Ghenki Okumoto straddles in at attempt to block Allen Zheng’s throw during an ultimate practice on the Paly football field.

Senior Allen Zheng stretches his arm to throw a disc to an open teammate as junior Ghenki Okumoto counts away Zheng’s time: “Stall one. Stall two. Stall three…” Okumoto reaches his arms out in an attempt to block Zheng’s pass. After a few seconds’ struggle, Zheng manages to hit his target teammate and the scrimmage rapidly continues from the break in play. In a game to three, the 10 team members present play against each other for the remaining hour of practice.

Zheng and Okumoto are both members of the Palo Alto High School ultimate team, which was founded last year by a group of graduating seniors with a passion for the sport.

“Eventually, we got to the point where we were looking for a bigger challenge than simply playing against each other,” Paly 2012 graduate Greg Dunn and ultimate team founder says. “So we made a team.”

The Paly Ultimate team is a school club and functions as part of the Bay Area Disc League. It is not a school-sanctioned sport, but rather a club, according senior team captain Alvin Kim.

The team was able to form because  Chris Farina, a new psychology teacher, brought his passion for ultimate to Paly last year.

“I had coached at the schools that I had taught at before,” Farina says. “When I came to Paly, I was looking for a group of students who played ultimate and were interested in playing more competitively.”

Farina has extensive experience with the game of Ultimate as he competed at the collegiate level and currently plays for Mischief, a club team based in San Francisco. Mischief made it to the Triple Crown Tour, where the highest level teams in North America compete.

Equipped with a coach and an official team, students can compete at a higher level now than in previous years. The ultimate team competes in local tournaments against other high school  and practices twice a week to prepare for the five tournaments in the six-week-long spring season, according to Kim.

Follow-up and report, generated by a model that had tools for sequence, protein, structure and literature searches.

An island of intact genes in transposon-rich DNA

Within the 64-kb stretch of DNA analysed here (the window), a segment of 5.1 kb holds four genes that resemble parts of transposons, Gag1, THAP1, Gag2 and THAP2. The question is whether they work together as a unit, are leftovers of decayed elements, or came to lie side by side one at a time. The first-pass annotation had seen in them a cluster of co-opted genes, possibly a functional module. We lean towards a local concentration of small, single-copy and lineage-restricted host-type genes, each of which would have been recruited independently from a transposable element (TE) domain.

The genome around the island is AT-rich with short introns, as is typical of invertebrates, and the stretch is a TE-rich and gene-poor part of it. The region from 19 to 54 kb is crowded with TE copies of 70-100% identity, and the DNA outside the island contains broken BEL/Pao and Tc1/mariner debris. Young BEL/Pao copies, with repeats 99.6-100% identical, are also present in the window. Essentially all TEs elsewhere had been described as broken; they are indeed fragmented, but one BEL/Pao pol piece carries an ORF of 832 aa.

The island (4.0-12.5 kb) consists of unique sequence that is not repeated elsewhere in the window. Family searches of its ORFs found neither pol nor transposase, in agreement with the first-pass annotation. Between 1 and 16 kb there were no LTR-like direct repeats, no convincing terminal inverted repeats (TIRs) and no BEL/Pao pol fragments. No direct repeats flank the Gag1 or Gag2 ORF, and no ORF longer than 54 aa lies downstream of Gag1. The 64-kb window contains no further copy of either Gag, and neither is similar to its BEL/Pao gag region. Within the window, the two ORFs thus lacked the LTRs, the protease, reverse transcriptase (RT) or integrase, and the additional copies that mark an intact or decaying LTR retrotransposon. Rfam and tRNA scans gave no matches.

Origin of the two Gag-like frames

“Our practices focus mainly on team skills for games, rather than on individual skills …or general fitness,” Farina says. “This is because ultimate is a new sport for most players, so I think it’s more important for them to get a feel for the game and each other.”

Practices vary in structure, but often involve drills for the first half and a scrimmage for the second.

“A typical practice consists of a couple of drills then usually a scrimmage,” Okumoto says. “We try to apply what we learned from the drills into our scrimmages.”

Even though the official season is over, the team continues to practice for the state championship, which is May 18-19in San Luis Obispo. Nine teams will be competing, including Paly, which will be fielding 11 players.

“On Saturday it’s pool play first and then Sunday it’s the championship bracket round,” Kim says.

In addition to official practices, the team plays informally during their freetime.

“Usually we play on the quad during our preps …because we enjoy throwing around,” Zheng says. “It’s less for practice than just to hang out and do something we enjoy.”

Kim adds to this sentiment noting the team’s love of the game.

“Even if we don’t have an official practice, we still love to play,” Kim says.

For Kim, the excitement of ultimate stems from its unique blend of sports.

“It merges the fluency of soccer, the explosion of basketball, and the [tactics] of football,” Kim says.

Okumoto says that despite common perception, ultimate is a challenging sport.

“Ultimate is a really physically demanding sport that requires not only the use of your body but the use of your mind as well,” Okumoto says.

While the sport requires athleticism and competitiveness, the atmosphere among Paly students remains easygoing.

“The vibe is one of the best things about the team,” Zheng says. “People aren’t competitive with each other at all, every good play gets praise, and nobody means it when they make fun of someone for messing up a throw, catch, whatever.”

Okumoto agrees that despite going to the state tournament this year, the team remains laid back, playing for enjoyment as much as competition.

“I would say we have a very fun team,” Okumoto says. “A lot of us like to mess around a lot, but when we have serious practice, or take part in the game, we usually get a lot more focused.”

The laidback, sportsmanlike vibe is perpetuated by the Spirit of the Game [SOTG] guidelines, published by USA Ultimate, which emphasize “the golden rule” and “[having] fun,” among others.

“It creates a level of trust between the teams,” senior Josh Arfin says. “Players don’t want to be the guy who calls a game in their own favor so it causes both sides to have more respect for each other.”

Senior Kevin Lavelle agrees that the SOTG adds an element of trust to the game.

“You can settle any disputes between players amongst yourselves, rather than have a third party,” Lavelle says. “It means most people are really respectful of others and are more open than [they] would otherwise be.”

The team has grown significantly in size this year, welcoming many additions.

“The biggest difference in my mind is that [the team is] a lot bigger,” Zheng says. “Last year’s team fielded eight players or so per tournament max… whereas this year we’ve had 14 plus at some tournaments.”

Despite the influx in players this year, the team still remains largely novice in play compared to clubs that have been established for 10 years or more, according to Farina.

“For a team that’s only been competing for two years, we’re really good,” Farina says. “It’s a pretty good sign that with the time the guys put in we can beat some [higher level teams].”